Aboriginal students looking to become fully qualified teachers will be able to turn to a unique new program this fall offered by Lakehead University in Thunder Bay, Ontario that stresses First Nations realities and helps to acclimatize teachers to their students’ needs.
“It is different from other programs because it is geared toward Aboriginal children, Aboriginal learners,” said Dean of Education Dr. John O’Meara.
The Honours B.Ed. (Aboriginal) program includes relevant courses in Social Sciences, Humanities and Sciences and Environmental Studies. There are also Native Language and Culture courses which are a required part of the program – and maybe the most important for communities with few speakers.
“It really is designed in part to provide a strong academics program so that when they go out and teach Aboriginal students whether on reserve or in the public school systems, they will be better prepared to meet the needs of those students,” said Dr. O’Meara.
“When students complete this program they will be fully certified to teach in the primary/junior division, which is up to Grade 8.”
Dr. O’Meara said that parts of the program, like the curriculum and learning strategies, have a strong Aboriginal component that is set up to fully immerse teachers into the reality of their students.
According to the university’s press release, “Upon program completion, students will demonstrate a critical understanding of culturally appropriate and culturally based Aboriginal education – grounded in Aboriginal philosophies and the goal of self-determination.”
The future teachers will also be able to apply learned methods and strategies when dealing with Aboriginal families and use their newly gained knowledge of either the Cree or Ojibwa language and culture in lesson and unit-planning, assessment and student evaluation.
Various pre-requisites are required when applying for the program, but some of those eligible to apply include students with Native Language instructors’ diplomas, mature students and transfer students.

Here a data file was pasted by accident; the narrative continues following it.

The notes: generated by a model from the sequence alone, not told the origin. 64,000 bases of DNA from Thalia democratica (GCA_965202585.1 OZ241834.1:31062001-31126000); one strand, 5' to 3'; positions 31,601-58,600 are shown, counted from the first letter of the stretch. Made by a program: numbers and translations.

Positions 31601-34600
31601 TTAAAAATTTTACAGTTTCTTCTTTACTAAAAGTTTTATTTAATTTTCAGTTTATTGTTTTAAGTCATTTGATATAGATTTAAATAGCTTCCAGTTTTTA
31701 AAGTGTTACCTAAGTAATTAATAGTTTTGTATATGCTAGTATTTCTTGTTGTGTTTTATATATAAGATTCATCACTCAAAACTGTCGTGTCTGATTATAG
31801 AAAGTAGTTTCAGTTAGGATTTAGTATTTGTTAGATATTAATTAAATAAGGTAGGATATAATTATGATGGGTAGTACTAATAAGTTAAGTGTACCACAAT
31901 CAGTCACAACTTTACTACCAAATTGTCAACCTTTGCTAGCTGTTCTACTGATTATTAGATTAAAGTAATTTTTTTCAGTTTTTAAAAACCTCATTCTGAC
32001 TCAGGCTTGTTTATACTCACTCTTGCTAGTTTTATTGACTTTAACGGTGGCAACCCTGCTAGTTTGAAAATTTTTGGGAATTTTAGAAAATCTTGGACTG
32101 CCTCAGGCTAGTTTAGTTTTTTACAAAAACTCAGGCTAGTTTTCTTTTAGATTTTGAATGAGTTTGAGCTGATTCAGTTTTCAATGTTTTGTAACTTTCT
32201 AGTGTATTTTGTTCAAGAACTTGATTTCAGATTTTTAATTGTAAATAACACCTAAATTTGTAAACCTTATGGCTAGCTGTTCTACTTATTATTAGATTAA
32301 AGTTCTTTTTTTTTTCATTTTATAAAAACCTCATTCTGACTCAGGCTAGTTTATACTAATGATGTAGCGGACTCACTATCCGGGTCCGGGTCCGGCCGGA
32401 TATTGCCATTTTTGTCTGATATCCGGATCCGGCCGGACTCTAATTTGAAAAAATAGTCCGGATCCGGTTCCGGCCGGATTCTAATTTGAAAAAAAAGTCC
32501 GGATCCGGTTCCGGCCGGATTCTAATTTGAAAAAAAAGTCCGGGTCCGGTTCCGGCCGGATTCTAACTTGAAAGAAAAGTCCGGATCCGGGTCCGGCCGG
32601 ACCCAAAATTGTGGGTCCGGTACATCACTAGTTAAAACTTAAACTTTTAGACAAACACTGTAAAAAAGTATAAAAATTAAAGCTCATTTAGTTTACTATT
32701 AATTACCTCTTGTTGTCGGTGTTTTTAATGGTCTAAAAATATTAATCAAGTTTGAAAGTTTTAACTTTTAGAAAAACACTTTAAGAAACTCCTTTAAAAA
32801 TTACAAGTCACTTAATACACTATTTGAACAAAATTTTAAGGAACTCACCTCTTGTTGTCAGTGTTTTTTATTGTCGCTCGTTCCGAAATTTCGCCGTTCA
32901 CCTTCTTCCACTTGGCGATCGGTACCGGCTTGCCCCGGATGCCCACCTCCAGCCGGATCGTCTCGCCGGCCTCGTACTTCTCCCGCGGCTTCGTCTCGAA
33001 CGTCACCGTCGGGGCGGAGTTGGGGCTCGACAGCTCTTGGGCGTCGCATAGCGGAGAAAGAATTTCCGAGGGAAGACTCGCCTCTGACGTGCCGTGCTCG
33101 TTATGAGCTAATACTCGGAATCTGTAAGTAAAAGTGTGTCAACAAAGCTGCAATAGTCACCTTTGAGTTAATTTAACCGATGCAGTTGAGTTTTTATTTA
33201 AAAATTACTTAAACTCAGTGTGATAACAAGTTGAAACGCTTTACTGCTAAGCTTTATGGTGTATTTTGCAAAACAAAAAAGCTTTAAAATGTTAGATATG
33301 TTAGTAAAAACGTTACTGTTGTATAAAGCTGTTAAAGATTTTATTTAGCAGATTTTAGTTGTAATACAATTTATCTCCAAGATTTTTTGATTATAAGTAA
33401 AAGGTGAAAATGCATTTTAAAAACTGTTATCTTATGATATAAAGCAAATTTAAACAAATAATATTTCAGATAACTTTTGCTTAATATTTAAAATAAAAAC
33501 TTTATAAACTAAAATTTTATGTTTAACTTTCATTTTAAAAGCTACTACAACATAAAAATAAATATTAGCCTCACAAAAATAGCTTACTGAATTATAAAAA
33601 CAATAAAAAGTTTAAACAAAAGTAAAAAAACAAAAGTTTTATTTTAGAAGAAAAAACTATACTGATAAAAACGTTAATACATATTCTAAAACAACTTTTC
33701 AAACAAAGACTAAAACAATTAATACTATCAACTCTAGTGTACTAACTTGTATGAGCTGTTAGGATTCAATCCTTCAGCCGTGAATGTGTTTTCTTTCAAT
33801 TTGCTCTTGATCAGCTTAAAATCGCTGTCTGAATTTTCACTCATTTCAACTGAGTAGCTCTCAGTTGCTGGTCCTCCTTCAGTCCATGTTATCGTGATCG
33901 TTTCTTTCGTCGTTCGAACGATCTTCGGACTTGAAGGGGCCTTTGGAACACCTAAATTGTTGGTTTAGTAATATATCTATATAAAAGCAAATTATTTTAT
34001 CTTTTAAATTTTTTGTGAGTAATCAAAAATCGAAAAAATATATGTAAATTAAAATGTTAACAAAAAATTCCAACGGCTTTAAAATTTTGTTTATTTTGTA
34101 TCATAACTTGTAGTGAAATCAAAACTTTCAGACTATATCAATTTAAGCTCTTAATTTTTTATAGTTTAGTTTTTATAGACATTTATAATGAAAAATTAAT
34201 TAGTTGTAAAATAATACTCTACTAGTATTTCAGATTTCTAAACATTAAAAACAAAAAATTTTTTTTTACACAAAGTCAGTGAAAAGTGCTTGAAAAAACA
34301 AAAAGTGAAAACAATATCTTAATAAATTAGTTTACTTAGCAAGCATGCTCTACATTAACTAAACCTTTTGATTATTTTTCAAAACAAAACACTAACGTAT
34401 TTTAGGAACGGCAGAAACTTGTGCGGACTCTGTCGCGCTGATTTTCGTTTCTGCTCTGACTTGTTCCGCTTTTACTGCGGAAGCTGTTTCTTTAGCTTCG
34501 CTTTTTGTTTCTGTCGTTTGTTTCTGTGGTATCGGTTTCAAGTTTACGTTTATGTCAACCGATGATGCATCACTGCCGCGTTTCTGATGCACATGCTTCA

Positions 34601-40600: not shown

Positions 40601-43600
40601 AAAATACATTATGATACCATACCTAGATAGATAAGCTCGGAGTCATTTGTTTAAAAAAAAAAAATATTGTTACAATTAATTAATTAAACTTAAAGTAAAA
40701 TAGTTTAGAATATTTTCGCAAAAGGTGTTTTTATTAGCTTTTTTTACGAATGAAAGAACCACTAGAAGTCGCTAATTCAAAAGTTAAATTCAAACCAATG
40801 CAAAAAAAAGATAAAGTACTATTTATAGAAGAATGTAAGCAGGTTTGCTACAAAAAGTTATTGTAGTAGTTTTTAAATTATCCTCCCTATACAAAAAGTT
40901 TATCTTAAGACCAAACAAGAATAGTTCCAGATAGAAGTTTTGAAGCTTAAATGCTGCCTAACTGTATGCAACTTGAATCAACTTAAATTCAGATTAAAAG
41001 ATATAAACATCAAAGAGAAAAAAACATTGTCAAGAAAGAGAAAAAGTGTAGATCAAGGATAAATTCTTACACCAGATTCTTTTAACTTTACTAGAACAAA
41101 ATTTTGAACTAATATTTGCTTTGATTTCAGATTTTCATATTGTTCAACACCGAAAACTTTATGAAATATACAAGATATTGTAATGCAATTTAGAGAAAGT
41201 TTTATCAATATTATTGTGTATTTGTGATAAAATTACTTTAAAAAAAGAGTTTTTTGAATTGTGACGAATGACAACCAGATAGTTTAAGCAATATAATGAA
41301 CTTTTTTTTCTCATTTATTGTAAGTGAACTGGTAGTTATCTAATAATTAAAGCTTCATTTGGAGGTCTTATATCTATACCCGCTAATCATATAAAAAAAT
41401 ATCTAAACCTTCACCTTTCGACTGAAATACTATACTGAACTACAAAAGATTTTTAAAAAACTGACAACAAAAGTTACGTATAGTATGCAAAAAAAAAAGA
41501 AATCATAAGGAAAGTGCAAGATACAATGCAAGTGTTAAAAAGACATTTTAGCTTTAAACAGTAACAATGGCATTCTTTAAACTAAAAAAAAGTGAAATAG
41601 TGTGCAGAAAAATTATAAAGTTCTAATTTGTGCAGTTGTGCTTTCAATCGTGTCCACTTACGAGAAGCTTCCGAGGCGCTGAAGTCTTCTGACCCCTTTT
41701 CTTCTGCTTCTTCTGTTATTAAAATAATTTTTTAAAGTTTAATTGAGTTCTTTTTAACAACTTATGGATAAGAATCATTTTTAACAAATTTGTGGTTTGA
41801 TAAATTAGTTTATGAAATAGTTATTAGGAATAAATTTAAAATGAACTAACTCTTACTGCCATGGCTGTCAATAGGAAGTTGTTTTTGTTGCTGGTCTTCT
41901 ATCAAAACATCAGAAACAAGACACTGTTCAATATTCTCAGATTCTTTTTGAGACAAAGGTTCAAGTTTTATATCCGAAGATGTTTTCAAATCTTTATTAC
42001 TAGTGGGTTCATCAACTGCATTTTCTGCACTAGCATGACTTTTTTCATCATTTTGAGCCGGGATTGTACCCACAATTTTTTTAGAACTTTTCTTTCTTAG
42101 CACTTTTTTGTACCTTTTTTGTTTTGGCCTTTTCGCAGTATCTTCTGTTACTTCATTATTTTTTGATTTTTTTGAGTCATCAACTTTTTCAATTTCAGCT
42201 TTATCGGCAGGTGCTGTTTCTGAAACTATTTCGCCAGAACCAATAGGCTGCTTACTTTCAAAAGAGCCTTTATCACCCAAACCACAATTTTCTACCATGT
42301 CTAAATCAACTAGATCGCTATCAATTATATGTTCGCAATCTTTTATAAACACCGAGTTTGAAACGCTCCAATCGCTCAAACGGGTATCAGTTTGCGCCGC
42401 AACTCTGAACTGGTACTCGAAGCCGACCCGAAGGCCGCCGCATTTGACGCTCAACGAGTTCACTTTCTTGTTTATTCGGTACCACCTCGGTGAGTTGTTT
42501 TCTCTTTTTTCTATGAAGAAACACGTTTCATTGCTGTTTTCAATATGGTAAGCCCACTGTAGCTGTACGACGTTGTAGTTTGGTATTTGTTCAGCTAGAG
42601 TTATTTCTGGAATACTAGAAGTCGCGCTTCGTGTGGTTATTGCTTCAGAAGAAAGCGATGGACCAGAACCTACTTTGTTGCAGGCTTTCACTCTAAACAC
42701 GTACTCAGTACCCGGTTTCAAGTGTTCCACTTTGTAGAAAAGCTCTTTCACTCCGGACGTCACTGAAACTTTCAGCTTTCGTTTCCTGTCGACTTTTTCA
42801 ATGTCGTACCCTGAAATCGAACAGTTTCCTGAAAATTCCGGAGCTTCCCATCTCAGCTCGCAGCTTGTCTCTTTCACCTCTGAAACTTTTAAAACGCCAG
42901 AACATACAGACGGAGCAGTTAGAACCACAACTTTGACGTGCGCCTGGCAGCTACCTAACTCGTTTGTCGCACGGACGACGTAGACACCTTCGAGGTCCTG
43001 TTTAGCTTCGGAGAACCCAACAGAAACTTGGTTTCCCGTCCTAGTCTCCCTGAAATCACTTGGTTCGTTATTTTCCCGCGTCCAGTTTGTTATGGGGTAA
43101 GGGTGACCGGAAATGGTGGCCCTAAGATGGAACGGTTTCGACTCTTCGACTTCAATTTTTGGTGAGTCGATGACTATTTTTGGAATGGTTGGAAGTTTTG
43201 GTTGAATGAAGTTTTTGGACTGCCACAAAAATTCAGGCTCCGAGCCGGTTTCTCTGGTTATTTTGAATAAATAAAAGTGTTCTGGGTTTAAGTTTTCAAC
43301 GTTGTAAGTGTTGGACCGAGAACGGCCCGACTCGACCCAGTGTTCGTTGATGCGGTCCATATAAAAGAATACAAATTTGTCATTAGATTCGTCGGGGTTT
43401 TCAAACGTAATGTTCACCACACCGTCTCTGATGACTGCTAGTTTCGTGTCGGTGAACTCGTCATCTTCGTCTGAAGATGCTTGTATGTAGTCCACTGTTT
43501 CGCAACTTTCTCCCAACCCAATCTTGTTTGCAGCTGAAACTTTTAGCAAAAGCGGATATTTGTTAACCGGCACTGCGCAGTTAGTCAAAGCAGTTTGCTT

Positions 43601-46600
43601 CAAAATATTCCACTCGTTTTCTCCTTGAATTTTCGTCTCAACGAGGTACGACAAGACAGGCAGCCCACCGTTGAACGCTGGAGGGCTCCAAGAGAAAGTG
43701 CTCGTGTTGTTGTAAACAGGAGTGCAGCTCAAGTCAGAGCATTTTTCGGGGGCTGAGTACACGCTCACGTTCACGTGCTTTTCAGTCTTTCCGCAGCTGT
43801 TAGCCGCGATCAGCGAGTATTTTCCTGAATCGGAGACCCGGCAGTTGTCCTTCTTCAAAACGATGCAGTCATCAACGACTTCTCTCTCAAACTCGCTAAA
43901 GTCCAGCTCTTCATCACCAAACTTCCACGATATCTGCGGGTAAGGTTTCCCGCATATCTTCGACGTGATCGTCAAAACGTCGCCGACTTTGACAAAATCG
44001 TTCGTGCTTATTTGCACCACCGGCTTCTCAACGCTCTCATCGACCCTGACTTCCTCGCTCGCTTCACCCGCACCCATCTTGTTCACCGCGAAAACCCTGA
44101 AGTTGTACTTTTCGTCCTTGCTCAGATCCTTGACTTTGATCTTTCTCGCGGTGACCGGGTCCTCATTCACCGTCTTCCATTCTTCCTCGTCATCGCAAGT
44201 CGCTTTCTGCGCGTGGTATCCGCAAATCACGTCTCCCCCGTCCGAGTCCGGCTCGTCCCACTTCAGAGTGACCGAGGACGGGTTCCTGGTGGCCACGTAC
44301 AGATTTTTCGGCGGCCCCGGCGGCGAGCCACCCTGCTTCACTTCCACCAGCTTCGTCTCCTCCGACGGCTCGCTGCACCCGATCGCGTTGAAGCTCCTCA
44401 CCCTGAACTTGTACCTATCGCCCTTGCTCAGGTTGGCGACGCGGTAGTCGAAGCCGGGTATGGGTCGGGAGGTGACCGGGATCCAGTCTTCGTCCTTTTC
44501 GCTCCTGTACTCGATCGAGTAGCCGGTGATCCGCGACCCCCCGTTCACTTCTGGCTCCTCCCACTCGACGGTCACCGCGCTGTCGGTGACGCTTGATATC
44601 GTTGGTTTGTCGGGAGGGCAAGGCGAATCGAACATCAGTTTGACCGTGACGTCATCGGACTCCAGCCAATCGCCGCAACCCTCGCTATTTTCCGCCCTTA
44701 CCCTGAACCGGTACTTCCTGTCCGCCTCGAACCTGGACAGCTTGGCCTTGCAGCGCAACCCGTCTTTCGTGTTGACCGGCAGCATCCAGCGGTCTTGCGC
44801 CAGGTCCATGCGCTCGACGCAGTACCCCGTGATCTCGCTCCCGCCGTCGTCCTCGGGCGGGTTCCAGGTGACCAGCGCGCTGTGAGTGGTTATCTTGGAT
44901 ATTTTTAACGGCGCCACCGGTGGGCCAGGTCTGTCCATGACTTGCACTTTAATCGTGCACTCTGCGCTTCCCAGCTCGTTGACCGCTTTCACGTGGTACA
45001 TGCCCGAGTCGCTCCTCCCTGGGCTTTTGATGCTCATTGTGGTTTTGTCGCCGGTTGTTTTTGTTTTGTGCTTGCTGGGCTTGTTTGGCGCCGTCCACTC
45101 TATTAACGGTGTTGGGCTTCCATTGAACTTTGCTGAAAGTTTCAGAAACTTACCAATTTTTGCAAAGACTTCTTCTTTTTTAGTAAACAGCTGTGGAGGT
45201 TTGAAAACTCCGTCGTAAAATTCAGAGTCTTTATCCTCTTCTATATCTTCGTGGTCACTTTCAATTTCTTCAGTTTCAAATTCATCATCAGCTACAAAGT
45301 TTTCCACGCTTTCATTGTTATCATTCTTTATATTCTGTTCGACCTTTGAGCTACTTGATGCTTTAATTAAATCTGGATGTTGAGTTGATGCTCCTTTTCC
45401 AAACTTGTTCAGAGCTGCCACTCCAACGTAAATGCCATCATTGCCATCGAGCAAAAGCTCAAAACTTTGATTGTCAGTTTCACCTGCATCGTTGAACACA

Located in northwestern Ontario, Lakehead University worked with communities and Elders in the area to formulate a relative and pertinent program for Aboriginal students.
Lakehead University worked alongside the Nishnawbe Aski Nation, which represents 49 communities in the Treaty 9 area, and the Matawa First Nations Chiefs Council and their 10 Ojibwa and Cree member communities.
Their goal was to help educate their people by encouraging them to attend this course so they can produce more Aboriginal educators.
The university’s language courses are in Cree and Ojibwa, which many of their members are already familiar with, so it was a natural progression of sorts.
“The idea behind the program is to make certain that Aboriginals have the opportunity to participate fully in education as teachers,” said Dr. O’Meara.
“We think there are many great opportunities for careers and for students to contribute to their own community and society by enhancing what they do through education.”
Once students complete their studies, they are be able to take additional qualifications over the course of a semester that qualifies them to teach high school, known in Ontario as intermediate and senior levels.
Students will conduct their student teaching placement on a reserve or in urban schools with large Aboriginal populations, giving them hands-on experience before teaching an actual class.
Unlike other programs that only allow teachers to teach in Native communities upon completion, the Honours program at Lakehead University qualifies students to teach anywhere in Canada.
The course is only offered to Aboriginal students because it is specifically tailored to their needs. It will be guided by the Advisory Council for Aboriginal Education (ACAE) and supported by Lakehead’s Aboriginal Management Council (AMC).
Lakehead University is home to over 7500 students and 2000 faculty and staff. For more information on the program, visit www.lakeheadu.ca or call 807-343-81 10.